Eflornithine (Molecule of the Month for July 2007)
Ornidyl,Vaniqa, Difluoromethylornithin, DFMO
Eflornithine is a drug which was initially developed as a cancer medication. Eflornithine appears to kill trypanosomes by acting as a suicide inhibitor of the enzyme ornithine decarboxylase, this enzyme regulates cell division by catalysing the first step in polyamine biosynthesis. Supplies of eflornithine are limited as its manufacturer does not consider it cost effective. Its production was halted by its manufacturer, Aventis, in 1995 because the company did not consider it a profitable drug.
It was also found to be very effective in combatting African trypanosomiasis (sleeping sickness), in its West African form (Trypanosoma brucei gambiense). Eflornithine's effects against Trypanosoma brucei gambiense were discovered by chance and because its ability to bring patients back from coma, it became known as "Resurrection Drug". It is hoped that eflornithine will replace the relatively toxic melarsoprol. In 2001, after heavy lobbying by Médecins Sans Frontières ("Doctors Without Borders"), the international medical NGO, and the World Health Organization (WHO), the manufacturer agreed to resume production of eflornithine, melarsoprol and pentamidine, in sufficient amounts to cover existing needs. This 5-year agreement with the WHO also envisaged MSF working on the distribution of the drugs. The yearly value of the drugs donated by Aventis under this agreement is US$5 million. In addition, under the agreement, Bristol-Myers Squibb, the manufacturer of Vaniqa, will pay for part of the eflornithine. The 5-year agreement expired in 2006.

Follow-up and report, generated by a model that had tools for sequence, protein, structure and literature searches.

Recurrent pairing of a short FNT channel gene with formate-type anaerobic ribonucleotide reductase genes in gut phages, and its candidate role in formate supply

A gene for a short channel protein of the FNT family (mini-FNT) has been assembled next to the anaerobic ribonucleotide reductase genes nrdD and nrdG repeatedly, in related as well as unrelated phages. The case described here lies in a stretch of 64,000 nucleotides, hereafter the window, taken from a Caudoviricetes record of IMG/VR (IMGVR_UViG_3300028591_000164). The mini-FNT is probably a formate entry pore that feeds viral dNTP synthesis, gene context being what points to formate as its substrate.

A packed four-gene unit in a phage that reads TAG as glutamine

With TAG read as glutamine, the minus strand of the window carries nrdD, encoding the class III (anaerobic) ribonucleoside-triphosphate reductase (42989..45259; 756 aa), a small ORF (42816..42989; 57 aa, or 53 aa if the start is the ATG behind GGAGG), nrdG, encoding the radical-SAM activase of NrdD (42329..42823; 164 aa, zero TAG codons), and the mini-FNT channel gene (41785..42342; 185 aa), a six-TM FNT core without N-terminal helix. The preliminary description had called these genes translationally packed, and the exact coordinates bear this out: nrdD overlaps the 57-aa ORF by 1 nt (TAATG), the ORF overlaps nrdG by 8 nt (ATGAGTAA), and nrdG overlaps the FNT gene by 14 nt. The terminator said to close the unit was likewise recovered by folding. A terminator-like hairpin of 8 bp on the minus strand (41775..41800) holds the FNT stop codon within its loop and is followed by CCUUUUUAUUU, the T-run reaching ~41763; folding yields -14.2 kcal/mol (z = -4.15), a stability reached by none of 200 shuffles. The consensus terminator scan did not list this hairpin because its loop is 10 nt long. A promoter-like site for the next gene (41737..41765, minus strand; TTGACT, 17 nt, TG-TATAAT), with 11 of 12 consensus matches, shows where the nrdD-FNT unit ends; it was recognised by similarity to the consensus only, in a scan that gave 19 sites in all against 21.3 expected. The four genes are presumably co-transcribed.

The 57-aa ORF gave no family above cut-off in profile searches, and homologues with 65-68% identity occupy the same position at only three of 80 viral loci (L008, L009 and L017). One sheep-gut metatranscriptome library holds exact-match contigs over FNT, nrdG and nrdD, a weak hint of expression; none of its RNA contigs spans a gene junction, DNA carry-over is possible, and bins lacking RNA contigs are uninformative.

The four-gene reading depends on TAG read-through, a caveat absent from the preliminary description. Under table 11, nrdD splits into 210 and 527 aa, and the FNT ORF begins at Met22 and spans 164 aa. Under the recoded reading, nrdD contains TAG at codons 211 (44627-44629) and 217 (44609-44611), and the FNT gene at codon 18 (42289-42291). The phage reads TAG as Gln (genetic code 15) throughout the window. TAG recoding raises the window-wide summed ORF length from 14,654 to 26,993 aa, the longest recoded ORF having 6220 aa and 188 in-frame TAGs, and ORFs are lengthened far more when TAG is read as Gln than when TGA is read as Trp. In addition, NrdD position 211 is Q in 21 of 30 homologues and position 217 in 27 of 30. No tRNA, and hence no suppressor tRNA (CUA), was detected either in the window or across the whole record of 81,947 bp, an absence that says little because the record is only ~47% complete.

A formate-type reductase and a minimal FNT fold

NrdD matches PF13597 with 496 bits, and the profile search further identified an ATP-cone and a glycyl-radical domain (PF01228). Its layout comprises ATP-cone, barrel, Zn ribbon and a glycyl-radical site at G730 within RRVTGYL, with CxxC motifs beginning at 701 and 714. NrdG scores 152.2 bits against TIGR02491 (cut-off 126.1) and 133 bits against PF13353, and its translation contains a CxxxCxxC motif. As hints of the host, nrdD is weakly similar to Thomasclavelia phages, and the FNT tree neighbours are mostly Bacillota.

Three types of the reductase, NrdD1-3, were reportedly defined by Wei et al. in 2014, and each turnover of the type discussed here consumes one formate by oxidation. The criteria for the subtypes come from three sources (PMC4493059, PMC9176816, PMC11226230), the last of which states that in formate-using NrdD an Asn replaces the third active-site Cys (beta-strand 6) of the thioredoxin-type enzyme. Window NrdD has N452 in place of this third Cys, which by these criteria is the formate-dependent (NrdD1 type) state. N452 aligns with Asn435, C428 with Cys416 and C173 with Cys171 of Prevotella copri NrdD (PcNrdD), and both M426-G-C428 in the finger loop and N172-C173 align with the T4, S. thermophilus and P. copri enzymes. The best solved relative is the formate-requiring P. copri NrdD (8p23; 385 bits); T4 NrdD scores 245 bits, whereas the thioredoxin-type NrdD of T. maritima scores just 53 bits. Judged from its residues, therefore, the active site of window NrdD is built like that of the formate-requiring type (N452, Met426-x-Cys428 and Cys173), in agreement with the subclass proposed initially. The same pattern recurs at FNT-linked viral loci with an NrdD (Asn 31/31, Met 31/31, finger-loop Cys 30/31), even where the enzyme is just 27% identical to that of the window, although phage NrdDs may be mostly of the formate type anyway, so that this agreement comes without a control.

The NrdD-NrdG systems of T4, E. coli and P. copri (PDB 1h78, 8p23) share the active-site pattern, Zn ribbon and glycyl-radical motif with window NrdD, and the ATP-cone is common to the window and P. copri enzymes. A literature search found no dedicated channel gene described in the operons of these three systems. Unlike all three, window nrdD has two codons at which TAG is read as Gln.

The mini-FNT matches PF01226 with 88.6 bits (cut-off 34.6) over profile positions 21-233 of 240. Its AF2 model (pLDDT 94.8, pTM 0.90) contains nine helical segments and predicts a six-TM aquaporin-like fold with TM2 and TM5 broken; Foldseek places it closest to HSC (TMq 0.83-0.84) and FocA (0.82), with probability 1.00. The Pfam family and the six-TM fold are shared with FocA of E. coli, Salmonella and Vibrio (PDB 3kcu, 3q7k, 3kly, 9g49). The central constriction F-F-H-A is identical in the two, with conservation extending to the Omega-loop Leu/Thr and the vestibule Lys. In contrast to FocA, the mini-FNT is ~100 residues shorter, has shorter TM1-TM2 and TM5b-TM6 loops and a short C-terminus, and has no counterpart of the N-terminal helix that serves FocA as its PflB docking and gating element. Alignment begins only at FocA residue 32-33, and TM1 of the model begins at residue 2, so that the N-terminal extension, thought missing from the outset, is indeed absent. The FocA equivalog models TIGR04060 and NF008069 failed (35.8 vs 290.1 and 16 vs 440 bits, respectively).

Eflornithine is also an effective hair growth inhibiting agent. As a topical application, the drug has been shown to be an effective hair growth retardant in some patients, and is sold under the brand name Vaniqa. It is partly the development of the hair removal market that encouraged Aventis to re-start the manufacture of eflornithine, and which allowed it to once again become available for use in sleeping sickness.
Formal Chemical Name (IUPAC)
Update by Karl Harrison
(Molecule of the Month for July 2007 )
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